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Illegal poachers tied up by ‘Corded’

Soldiers from the 1st Battalion, The Irish Guards have recently completed a successful deployment to Zambia to help train local rangers counter the threat from poaching.

Known as Operation ‘CORDED’ this was the seventh deployment of British troops in support of the UK Government's aim of cracking down this cruel and barbaric trade.


Having already trained over 300 rangers during previous Op CORDED deployments to Malawi and Zambia, 30 soldiers from the 1st Battalion the Irish Guards (1IG) provided additional training in interception tracking tactics to park rangers in Kafue National Park, which is in the centre of western Zambia.

Habitat loss

In recent years climate change and the impact on the human biosphere has been profound. With many areas on the planet, especially sub-Saharan Africa, showing signs of bio-stress, it has also had an impact on the animal kingdom too.

As areas become increasingly difficult to farm this has increased the rate of human migration. In some circumstances this has meant increasing human encroachment on animal habitats and with this comes the menace of poaching.

"Rewarding and interesting" Officer Commanding (OC) Major Charlie Foinette on ‘Op CORDED 7’

With an estimated worth of £17 billion a year the illegal trade in wildlife, combined with habitat loss, means that poaching presents species already low in numbers with an uncertain and precarious future and possible extinction in our generation.


In an attempt to help reverse the impact of poaching, a counter-poaching ranger partnering programme has been funded by the Department for Environment, Food and Rural Affairs (DEFRA).

With the overall goal being the reduction of the impact of poaching by securing animals in their natural habitat, the programme aims to facilitate skills-sharing between the troops and the rangers who are experienced operating in bush environments. 

With the UK Government already committed to spend £36m to tackle the illegal wildlife trade between 2014 and 2021, the Army’s delivery of this support on the ground is vital.

New techniques

The introduction of new techniques and equipment are making a big difference. Rangers are now issued light weight patrol packs and first aid kits. This has enabled an increase in patrol duration, distance and independence. With this independence they have also gained confidence in their ability to operate further from base areas, allowing them to sustain work in more isolated locations where the poachers are more active. 

To ensure that they were ready for the deployment the guards spent time in Kenya getting used to conditions similar to what they might encounter in Zambia. Practising skills and drills such as tracking and first aid – vital in both their deployment and vital knowledge that they can pass on to the rangers.

Lt Col Rob Money, Commanding Officer 1st Bn Irish Guards said: ‘Operation CORDED is one of the most exciting and worthwhile jobs the Army offers at the moment and demonstrates the enormous value of working closely with our partners at DEFRA and in Zambia to contribute to the protection of wildlife.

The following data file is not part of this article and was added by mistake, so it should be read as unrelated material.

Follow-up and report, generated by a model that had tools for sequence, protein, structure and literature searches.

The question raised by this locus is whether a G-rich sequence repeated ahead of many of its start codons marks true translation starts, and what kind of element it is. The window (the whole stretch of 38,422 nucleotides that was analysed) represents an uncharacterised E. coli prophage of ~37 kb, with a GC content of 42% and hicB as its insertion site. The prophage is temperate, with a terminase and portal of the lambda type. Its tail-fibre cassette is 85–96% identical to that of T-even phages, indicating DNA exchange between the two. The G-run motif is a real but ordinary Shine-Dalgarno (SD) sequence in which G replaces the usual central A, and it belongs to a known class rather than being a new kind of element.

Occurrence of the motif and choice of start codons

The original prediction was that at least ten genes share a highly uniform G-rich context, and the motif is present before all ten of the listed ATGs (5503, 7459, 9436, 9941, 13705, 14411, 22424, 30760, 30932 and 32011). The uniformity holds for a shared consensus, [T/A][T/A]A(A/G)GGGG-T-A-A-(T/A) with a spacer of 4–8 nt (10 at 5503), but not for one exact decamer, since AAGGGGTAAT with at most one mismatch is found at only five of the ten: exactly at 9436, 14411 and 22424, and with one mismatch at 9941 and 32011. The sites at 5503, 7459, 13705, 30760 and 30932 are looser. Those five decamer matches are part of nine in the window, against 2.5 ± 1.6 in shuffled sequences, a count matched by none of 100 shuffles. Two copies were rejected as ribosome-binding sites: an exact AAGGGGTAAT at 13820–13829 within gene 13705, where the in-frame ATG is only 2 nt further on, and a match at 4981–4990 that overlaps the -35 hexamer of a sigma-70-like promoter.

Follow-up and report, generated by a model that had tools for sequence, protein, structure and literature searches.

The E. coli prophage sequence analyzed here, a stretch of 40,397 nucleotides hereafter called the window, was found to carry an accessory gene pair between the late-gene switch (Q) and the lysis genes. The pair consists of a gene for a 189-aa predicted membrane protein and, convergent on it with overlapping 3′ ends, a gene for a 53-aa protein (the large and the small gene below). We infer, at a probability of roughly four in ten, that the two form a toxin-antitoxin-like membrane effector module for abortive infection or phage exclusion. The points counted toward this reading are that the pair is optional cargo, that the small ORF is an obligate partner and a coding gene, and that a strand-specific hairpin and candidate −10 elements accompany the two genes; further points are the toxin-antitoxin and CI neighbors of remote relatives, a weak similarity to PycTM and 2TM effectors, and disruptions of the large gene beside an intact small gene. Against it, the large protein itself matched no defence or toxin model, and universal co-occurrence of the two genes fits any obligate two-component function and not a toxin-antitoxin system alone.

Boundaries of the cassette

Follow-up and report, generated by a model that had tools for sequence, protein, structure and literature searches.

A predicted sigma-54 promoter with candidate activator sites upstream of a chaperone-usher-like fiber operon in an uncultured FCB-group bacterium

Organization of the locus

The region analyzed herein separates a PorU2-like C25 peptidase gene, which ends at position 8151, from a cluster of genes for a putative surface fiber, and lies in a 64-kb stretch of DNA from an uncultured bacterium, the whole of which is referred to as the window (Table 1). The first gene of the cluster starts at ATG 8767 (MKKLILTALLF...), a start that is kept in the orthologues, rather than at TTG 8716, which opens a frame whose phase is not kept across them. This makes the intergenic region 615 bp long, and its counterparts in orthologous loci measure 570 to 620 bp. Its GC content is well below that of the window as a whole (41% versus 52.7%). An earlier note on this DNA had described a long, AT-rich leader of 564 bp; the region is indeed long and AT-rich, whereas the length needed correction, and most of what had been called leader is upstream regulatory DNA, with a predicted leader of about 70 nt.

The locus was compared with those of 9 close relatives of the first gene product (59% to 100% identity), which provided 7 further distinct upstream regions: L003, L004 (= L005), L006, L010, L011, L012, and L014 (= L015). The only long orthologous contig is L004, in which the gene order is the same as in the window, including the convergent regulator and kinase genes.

It is something about which I and my soldiers are passionate.  This mission allows us to contribute to a legacy that will benefit our children and, just as importantly, it allows my soldiers to use their skills and experience to assist an impressive partner force who are engaged daily in this vital and dangerous work. 

At the same time, the Rangers are teaching us how they live and operate in the African bush, valuable and fascinating lessons for any soldier.  The welcome my soldiers have received in Zambia, and the enthusiasm of their partners has been wonderful – they are the most generous friends, and we are looking forward to continuing our long relationship with a valued Commonwealth partner.’

Officer Commanding (OC) Major (Maj) Charlie Foinette on ‘Op CORDED 7’ said: ‘This has been one of the most rewarding and interesting deployments I have experienced in nearly 20 years’ service.  We were in the most beautiful surroundings, but much more importantly have the unique privilege of working alongside enormously impressive partners from the Department for National Parks and Wildlife, and from the National Anti-Poaching Task Force. 

The job they undertake is difficult, dangerous and vital.  Seeing at first hand their commitment, passion and deep knowledge of the wildlife they protect has been humbling.  We have been able to assist them with skills that the British Army has invested in over many years, including first aid, planning and patrolling skills to make them safer when confronted with armed poachers. 

 At the same time, they have been generous in passing on their knowledge of the African bush, teaching us the skills they use to survive in an environment that is alien to us, but in which they are quite at home. 

They are the most generous of hosts, rarely short of a smile, a song or a joke, and going home will be a genuine wrench.  To be able to contribute even in a small way to a task that has such a direct bearing on the world our children will inherit is a great privilege, and my team will cherish the experiences and sights of this place for years to come. 

It is a point of particular pride to us that HMG, through DEFRA, are supporting this vital work, and it is impressive to see first-hand what can be achieved using a very modest investment of taxpayers’ money.  It is well spent, and I know that it is greatly appreciated by a Commonwealth partner with whom we enjoy such a strong mutual bond of friendship.’